If you do 60"x60" size prints and want photo quality at 300 ppi, then you will need 324 MP technically for optimal noiseless print out of the camera. There is no such camera. Even the Hasselblad has only 39 MP, and the new Canon EOS 1Ds Mark III has only 21 MP. So making your 60x60 print will need some software help. There is a lot of software that can help you enlarge photo and preserve details by either interpolation or fractal methods.

So practically you just get the D-SLR you can afford and then enlarge it using these softwares.

You can consider the same brand of D-SLR as your film SLR, and save money on your lenses if they can fit on the D-SLR. You need to check with the manufacturer on lens compatibility. Most D-SLR have good performance with some minor difference, but this can become signficant when you enlarge to 60x60 print. Canon has the best low light performance when using high ISO, but this depends also on what lens you use of course. However the new Nikons are pretty close to Canon. So either one is a good choice. For large prints, you will be happier with full frame than those with smaller sensors. The full frame sensors have bigger photodiodes and thus has less noise, and will give you cleaner enlargements. The smaller the sensors, the more noise you will see in the enlargements.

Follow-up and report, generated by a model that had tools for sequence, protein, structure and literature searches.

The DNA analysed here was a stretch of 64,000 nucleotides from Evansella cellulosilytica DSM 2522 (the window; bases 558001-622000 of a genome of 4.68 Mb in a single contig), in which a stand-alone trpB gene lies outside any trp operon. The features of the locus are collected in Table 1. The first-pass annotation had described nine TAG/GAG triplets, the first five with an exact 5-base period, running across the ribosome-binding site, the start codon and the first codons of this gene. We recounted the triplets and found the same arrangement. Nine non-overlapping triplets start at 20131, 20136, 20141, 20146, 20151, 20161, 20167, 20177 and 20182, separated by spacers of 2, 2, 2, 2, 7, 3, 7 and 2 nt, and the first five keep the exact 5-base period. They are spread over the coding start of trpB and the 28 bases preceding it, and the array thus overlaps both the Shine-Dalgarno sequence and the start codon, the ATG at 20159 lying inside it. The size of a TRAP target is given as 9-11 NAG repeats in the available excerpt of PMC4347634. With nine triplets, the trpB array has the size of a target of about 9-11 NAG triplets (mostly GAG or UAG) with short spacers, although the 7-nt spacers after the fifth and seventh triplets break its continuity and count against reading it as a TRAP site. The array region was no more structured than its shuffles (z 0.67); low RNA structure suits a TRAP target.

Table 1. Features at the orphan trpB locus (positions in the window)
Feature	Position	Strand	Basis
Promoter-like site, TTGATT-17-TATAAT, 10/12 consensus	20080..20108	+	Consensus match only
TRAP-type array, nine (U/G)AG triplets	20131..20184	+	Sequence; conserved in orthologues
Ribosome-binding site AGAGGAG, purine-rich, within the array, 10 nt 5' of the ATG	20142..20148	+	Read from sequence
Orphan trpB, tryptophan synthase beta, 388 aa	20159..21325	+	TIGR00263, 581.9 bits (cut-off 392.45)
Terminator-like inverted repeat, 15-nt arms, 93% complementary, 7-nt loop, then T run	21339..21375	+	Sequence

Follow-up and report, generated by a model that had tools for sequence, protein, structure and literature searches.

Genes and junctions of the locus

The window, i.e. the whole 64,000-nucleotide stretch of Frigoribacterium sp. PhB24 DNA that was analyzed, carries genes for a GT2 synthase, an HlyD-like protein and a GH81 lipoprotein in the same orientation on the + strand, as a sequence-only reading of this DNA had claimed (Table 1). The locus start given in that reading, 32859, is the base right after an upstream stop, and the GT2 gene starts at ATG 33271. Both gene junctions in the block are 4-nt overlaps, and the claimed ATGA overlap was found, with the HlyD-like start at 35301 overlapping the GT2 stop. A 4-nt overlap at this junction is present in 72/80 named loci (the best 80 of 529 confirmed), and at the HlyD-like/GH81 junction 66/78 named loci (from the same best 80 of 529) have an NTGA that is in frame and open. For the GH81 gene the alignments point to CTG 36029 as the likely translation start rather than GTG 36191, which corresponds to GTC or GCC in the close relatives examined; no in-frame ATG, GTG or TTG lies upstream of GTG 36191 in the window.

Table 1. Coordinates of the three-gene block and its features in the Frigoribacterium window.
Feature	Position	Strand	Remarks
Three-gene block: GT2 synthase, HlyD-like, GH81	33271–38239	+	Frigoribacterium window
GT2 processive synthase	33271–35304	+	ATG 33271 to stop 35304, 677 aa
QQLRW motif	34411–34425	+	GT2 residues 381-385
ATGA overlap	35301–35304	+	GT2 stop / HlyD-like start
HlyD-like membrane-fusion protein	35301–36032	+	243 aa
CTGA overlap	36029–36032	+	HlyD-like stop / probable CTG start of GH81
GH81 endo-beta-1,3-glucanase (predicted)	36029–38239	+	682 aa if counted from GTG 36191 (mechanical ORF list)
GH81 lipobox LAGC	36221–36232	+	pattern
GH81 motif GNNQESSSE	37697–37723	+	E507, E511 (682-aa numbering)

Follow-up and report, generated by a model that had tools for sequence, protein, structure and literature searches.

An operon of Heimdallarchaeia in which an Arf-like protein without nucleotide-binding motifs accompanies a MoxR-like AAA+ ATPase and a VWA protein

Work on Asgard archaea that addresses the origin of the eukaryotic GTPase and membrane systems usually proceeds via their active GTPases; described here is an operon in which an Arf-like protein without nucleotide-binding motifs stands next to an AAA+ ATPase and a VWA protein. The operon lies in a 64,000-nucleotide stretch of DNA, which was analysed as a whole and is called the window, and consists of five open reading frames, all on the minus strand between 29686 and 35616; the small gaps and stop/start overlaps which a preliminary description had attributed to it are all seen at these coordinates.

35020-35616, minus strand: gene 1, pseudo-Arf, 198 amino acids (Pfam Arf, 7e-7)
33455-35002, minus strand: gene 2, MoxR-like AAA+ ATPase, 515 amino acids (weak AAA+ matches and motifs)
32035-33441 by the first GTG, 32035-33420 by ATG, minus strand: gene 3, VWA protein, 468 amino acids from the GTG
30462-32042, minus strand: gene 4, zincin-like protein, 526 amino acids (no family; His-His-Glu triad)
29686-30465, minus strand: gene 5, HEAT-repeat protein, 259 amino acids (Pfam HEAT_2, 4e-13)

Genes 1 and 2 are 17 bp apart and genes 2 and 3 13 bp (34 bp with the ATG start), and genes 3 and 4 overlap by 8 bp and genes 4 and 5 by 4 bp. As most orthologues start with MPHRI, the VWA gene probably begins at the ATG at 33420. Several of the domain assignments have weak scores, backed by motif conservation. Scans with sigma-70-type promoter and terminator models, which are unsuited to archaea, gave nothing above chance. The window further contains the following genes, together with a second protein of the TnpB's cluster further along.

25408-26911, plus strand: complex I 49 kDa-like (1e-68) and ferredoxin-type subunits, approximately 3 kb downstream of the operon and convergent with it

The order of preference will be medium format (Hasselblad), then full frame, then APS size sensor (1.5-1.6x crop factor), then 4/3 system (2x crop factor). The most affordable full frame camera is the Canon EOS 5D but it is more than your budget. So you will likely look at the APS size cameras, with Canon and Nikon as top choice. You can probably skip the 4/3 system. There are noise reduction software like Noise Ninja etc that help to improve low light shots.
Perhaps you should borrow/rent a D-SLR and try out enlargements with a software program or send it in for professional enlargement, and see whether you think it is comparable to your film SLR. In comparison, the D-SLR tends to see movement blurring in low light action shots more than film SLR, perhaps due to higher sensitivities of the digital sensors. So you need faster shutter speeds to stop action in low light using D-SLR.